Ropes hang from high vaulted ceilings and stained glass tints the light. Here in a former Cardiff Church, the circus lives. It moves around from time to time, but always feels like home. This is the circus that I’ve been running away with for the best part of a decade.
Look behind a certain black door on a weeknight in the city and you’ll find us – the enthusiasts – learning everything from hula hoop to acrobatics. Dropping our everyday lives like disguises.
We are all different, some of us are parents, professionals or students. What we have in common is a serious case of circus fever. Whatever your reasons for coming, once you’re here, the circus becomes part of you. It’s hard to go back to the way you were. It’s hard to go back to just watching.
Like all the best tricks, when I first saw a contemporary circus show back in 2008 I was star-struck and curious. A new kind of beauty in a silver tent, touring a sleepy Somerset town. No animals, scary clowns or even much colour. A black and white riot of shabby glamour, dark arts beneath a big top.
The Guardian once described No Fit State Circus as “Cirque du Soleil without the Disney and disinfectant” and I have to agree. The shows are all the more beautiful for a bit of grit.
That was that. The circus stuck with me that summer like glitter on warm skin.
A move to Wales and a year later, I found myself at my first No Fit State Circus community class learning static trapeze.
I had no clue what I’d let myself in for. After a few months I finally wiggled up on to a trapeze bar by myself for the first time. Later I held my own body weight in the air for a few seconds. Bit by bit, wobbles became balances. Then balances became spinning round the bar head first.
Nearly a decade on I’m certainly no elegant trapeze artist, but I’m proud of what I’ve learnt and what my circus body can do given a bit of time and effort. Here’s what I love most about my weekly disappearing act.
Learning to fly, sort of.
I can’t resist aerial acts. Those big circus numbers in the air that you watch with your heart smashing a hole in your chest. There are different kinds, but static trapeze (where the trapeze is mostly still) is where I hang out between the floor and the ceiling for a little while. Not strictly flying exactly, but somewhere close.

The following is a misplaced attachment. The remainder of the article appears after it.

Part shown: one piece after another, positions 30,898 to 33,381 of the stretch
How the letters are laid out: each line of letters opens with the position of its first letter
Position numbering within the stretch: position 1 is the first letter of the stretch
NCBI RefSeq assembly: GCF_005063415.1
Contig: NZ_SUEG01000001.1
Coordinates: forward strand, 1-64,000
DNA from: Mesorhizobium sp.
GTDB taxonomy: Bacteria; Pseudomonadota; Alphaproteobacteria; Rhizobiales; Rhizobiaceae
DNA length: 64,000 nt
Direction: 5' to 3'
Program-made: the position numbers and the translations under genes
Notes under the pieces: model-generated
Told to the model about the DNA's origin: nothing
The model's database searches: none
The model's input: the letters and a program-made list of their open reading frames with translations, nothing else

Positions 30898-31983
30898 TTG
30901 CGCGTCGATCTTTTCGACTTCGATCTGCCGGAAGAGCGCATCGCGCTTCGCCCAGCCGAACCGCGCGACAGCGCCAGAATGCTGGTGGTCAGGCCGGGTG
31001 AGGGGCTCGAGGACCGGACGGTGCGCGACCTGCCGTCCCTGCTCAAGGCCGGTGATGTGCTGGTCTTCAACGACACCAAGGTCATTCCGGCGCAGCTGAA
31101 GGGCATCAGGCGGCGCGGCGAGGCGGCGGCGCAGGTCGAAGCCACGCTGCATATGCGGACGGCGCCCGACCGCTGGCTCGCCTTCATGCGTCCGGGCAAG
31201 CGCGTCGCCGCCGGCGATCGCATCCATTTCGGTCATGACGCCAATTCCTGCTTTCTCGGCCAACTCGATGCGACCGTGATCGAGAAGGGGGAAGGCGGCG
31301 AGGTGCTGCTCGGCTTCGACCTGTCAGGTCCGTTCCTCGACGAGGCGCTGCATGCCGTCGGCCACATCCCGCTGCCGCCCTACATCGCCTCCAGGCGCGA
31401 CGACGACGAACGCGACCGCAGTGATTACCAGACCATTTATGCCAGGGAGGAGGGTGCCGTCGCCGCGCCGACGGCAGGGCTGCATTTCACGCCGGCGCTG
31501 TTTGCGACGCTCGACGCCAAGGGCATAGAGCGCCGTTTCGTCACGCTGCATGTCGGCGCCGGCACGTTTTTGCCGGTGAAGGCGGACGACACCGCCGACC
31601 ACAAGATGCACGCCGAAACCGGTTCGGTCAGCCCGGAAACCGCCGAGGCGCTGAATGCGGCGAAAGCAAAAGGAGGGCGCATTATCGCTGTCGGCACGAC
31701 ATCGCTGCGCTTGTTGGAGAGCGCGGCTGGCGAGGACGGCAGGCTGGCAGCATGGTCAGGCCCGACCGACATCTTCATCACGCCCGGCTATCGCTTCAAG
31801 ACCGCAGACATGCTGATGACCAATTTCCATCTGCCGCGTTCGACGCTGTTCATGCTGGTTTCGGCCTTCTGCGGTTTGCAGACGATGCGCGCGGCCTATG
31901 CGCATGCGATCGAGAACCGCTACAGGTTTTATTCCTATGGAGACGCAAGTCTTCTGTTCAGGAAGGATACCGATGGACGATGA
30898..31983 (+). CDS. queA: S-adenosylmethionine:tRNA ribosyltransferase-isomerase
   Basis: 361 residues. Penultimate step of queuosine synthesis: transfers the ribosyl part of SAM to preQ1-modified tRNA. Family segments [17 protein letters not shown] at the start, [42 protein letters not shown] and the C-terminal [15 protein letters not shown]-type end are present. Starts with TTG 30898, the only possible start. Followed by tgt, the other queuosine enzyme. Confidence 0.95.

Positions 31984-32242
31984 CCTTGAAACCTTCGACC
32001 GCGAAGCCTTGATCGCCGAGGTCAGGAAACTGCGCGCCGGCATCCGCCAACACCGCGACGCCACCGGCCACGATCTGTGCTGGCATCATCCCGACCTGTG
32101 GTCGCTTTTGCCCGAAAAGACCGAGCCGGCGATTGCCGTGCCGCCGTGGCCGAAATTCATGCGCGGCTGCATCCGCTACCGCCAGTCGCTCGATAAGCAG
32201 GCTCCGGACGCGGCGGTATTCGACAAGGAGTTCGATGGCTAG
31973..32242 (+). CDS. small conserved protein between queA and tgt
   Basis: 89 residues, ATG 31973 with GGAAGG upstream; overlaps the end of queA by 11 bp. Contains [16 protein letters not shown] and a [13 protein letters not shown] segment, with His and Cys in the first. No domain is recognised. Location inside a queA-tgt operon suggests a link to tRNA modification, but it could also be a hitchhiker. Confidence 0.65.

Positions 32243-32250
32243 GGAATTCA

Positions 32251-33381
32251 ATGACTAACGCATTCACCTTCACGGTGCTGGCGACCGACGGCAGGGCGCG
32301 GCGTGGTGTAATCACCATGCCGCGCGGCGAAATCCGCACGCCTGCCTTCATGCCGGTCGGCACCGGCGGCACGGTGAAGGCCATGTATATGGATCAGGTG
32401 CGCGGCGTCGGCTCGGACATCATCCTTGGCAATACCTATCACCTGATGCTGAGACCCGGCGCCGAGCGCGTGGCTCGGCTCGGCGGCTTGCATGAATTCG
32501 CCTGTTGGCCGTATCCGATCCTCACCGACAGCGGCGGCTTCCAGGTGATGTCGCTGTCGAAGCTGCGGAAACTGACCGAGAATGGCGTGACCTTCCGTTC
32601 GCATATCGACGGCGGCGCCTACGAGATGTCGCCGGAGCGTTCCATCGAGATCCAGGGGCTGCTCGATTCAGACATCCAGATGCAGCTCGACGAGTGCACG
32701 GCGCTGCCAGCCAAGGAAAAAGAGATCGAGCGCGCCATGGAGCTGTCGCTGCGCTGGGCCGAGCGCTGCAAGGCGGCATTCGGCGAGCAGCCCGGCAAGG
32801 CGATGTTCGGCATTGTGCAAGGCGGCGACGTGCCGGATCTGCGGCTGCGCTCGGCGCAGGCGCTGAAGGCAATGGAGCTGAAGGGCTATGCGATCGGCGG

Dancing a bit differently.
I’ve spent most of my life avoiding anything to do with dance, with good reason. I’ve never been able to tell left from right without thinking. Hanging upside down on a steel bar between two bits of rope is as close to coordinated as I get.
fear pain but doing it anyway.
There’s no getting round it. Yes there’s a bit of pain. No you don’t need upper body strength to start with. Yes your legs and arms will be marked for the rest of your days but for all the hype, the pain doesn’t matter much.
The speckled shins, the red rope burns on your inner arms are well-earned circus tattoos, but they are just part of the story.
Tips from the (big) top.
I’ve been lucky to have brilliant teachers over the years, talented people from all over the world. An experience here, a circus secret there. History, geography and art in one. There is always something to learn from these super talented guys.
New world, new words.
Skin the cat. Hocks. Beats. The language of trapeze is tricky thing to pin down, but it’s fun to try. Moves you know well become strangers with a new name. Your circus vocabulary grows wider and wilder as teachers come and go.
Circus freaks have your back.
And your legs, head and any other body part looking slightly wonky in the air. Unsurprisingly, you make friends quickly here. Legs and arms mix and muddle. There’s nothing like the fear of falling on your arse to bond you to strangers. Stories are swapped. People leave, people come home.
There will always be someone to share it with; the circus is never silent for long. The show goes on. We fall, we fail, we get back up. We keep coming back to this borrowed world, half real, half imagined.
Bewitched by sawdust and sequins too? Let me know!